Friday, May 4, 2012

DoApp redesigns the interface of its Mobile Local News platform; sameness of apps remains a branding issue

The Minneapolis local news app company DoApp has redesigned the user interface of its Mobile Local News platform. The company, which was originally profiled on TNM in February of 2010, has over 200 apps for the iPhone inside the App Store, and over 50 for the iPad (many of the apps are universal).
The apps for such media properties as the Journal-Advocate from Sterling, Colorado, and the St. Paul Pioneer Press continue to share an identical look, different only in the property's logo on the opening page.

These media apps are free and do not reside inside Apple's Newsstand. They are, in essence, substitutes for the media property's website. Even apps such as Justin Bieber - My World - Belieber photos pics news (what a name) look identical to the Pioneer Press app. In fact, the sameness goes all the way down to the screenshots used for the app descriptions.

The new interface, especially once one moves off the opening page, with its box design (see above) is pretty attractive, and in many ways superior to many websites as seen on the iPad. But once off the home page, the branding disappears – and, as you can see below, distinguishing one media property from another becomes virtually impossible.

“Our main focus for the redesign was making the interface even more intuitive for the reader,” Jim Kozlowski, Mobile Local News app designer, is quoted in the company's press release for the redesign. “We have taken the great features in the previous design and made them even better: more photos, ability to enlarge text and photos, swiping between articles, as well as many app performance upgrades so stories load quicker.”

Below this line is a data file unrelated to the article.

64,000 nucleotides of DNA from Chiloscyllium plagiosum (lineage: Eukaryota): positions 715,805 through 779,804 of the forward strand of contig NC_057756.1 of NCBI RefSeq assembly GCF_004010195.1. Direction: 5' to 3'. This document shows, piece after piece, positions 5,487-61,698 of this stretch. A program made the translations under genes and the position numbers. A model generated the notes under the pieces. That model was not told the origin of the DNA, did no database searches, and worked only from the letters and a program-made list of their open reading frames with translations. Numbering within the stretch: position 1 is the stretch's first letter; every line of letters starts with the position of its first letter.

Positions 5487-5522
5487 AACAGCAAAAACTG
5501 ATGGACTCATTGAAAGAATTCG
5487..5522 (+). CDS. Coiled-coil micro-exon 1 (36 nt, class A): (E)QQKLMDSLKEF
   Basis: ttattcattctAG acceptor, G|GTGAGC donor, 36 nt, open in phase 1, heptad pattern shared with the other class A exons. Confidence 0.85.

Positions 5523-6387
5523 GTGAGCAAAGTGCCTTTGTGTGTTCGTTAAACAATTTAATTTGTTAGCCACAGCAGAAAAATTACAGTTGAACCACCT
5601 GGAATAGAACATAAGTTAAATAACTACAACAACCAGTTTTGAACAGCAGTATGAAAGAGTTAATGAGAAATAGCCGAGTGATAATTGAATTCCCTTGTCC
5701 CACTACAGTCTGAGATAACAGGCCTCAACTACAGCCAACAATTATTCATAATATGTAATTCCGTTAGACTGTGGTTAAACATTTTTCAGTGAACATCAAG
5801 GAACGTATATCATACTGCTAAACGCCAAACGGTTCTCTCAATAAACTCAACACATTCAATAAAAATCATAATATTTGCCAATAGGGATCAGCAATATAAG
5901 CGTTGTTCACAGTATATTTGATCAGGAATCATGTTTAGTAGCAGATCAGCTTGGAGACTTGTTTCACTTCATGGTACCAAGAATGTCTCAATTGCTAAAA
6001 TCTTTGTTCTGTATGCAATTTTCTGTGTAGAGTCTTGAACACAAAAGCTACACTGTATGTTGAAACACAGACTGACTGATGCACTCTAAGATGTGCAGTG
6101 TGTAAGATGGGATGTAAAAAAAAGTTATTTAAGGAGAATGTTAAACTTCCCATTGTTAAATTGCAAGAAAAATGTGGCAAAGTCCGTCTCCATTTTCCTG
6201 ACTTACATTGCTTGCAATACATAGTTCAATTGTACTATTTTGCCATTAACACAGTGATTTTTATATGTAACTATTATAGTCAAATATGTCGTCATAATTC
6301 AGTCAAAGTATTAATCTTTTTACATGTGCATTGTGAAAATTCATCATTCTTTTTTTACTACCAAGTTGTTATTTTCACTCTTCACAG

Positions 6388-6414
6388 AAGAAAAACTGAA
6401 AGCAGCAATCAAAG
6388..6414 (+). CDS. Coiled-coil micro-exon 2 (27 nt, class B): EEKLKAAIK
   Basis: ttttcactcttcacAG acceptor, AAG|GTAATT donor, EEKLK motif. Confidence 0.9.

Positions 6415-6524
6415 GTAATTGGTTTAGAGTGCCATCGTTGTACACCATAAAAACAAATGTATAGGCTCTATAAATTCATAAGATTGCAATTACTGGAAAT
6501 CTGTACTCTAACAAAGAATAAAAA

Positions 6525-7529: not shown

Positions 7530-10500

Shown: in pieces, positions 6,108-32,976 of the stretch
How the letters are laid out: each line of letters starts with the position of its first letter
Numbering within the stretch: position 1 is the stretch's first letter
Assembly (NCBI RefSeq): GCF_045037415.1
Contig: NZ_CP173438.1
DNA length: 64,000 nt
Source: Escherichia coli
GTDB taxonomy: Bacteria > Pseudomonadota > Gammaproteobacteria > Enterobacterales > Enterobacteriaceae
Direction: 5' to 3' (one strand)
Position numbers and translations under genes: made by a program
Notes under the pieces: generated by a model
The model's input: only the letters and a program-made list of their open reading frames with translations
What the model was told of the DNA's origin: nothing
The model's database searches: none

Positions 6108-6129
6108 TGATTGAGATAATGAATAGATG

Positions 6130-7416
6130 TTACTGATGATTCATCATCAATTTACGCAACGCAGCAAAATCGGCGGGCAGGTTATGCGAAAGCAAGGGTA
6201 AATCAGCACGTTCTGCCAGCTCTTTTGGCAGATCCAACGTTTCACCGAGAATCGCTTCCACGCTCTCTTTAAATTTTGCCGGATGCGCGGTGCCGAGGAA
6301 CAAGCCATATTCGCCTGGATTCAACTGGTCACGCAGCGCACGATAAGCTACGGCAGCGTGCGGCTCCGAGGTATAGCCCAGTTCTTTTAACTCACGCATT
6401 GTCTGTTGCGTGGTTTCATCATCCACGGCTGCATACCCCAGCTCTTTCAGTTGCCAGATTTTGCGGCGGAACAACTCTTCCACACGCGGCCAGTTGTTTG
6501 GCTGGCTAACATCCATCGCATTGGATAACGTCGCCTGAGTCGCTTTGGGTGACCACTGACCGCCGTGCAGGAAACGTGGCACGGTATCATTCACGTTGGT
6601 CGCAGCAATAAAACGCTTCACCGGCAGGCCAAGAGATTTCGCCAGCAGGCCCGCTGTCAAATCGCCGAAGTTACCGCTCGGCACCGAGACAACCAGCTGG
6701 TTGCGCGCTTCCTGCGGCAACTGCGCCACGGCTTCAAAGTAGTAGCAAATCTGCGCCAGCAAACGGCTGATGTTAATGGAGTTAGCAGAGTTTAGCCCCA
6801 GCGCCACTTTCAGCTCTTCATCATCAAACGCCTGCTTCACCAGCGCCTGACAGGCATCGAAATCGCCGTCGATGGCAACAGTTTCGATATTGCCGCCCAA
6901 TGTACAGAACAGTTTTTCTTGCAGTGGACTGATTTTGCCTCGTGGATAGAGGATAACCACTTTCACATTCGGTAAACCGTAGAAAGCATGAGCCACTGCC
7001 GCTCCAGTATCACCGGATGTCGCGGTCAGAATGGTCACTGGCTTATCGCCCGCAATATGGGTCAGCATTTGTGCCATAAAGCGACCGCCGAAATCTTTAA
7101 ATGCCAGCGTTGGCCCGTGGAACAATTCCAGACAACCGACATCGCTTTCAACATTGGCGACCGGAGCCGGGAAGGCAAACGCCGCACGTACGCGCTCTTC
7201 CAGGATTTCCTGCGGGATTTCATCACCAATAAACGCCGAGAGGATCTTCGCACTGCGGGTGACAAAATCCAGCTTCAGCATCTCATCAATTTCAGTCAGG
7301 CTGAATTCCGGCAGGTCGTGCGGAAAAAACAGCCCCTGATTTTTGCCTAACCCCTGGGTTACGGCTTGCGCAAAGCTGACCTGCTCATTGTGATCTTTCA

DoApp has sold their app solution to broadcast outlets, as well as newspapers. The big lure, I would think, is that DoApp has its own ad network, Adagogo, a self-serve ad solution which allows advertiser to pick the applications they would like to use, and the locations they would like to target.

In the end, it is up to the publisher or station manager whether this one-size-fits-all is appropriate. For me, the draw of mobile and tablet publishing is that it by creating new digital products one can go after new subscribers and are creating new real estate for local sales teams. App solutions don't do either of these things don't interest me. But not all publishers feel that way, clearly.

Note: Somehow a paragraph of this post got dropped. In it, I remind readers that DoApp originally produced mobile apps (as noted in that 2010 post). Not surprisingly, these universal apps work quite well on the iPhone and Android platforms – though they are also designed in a cookie-cutter fashion.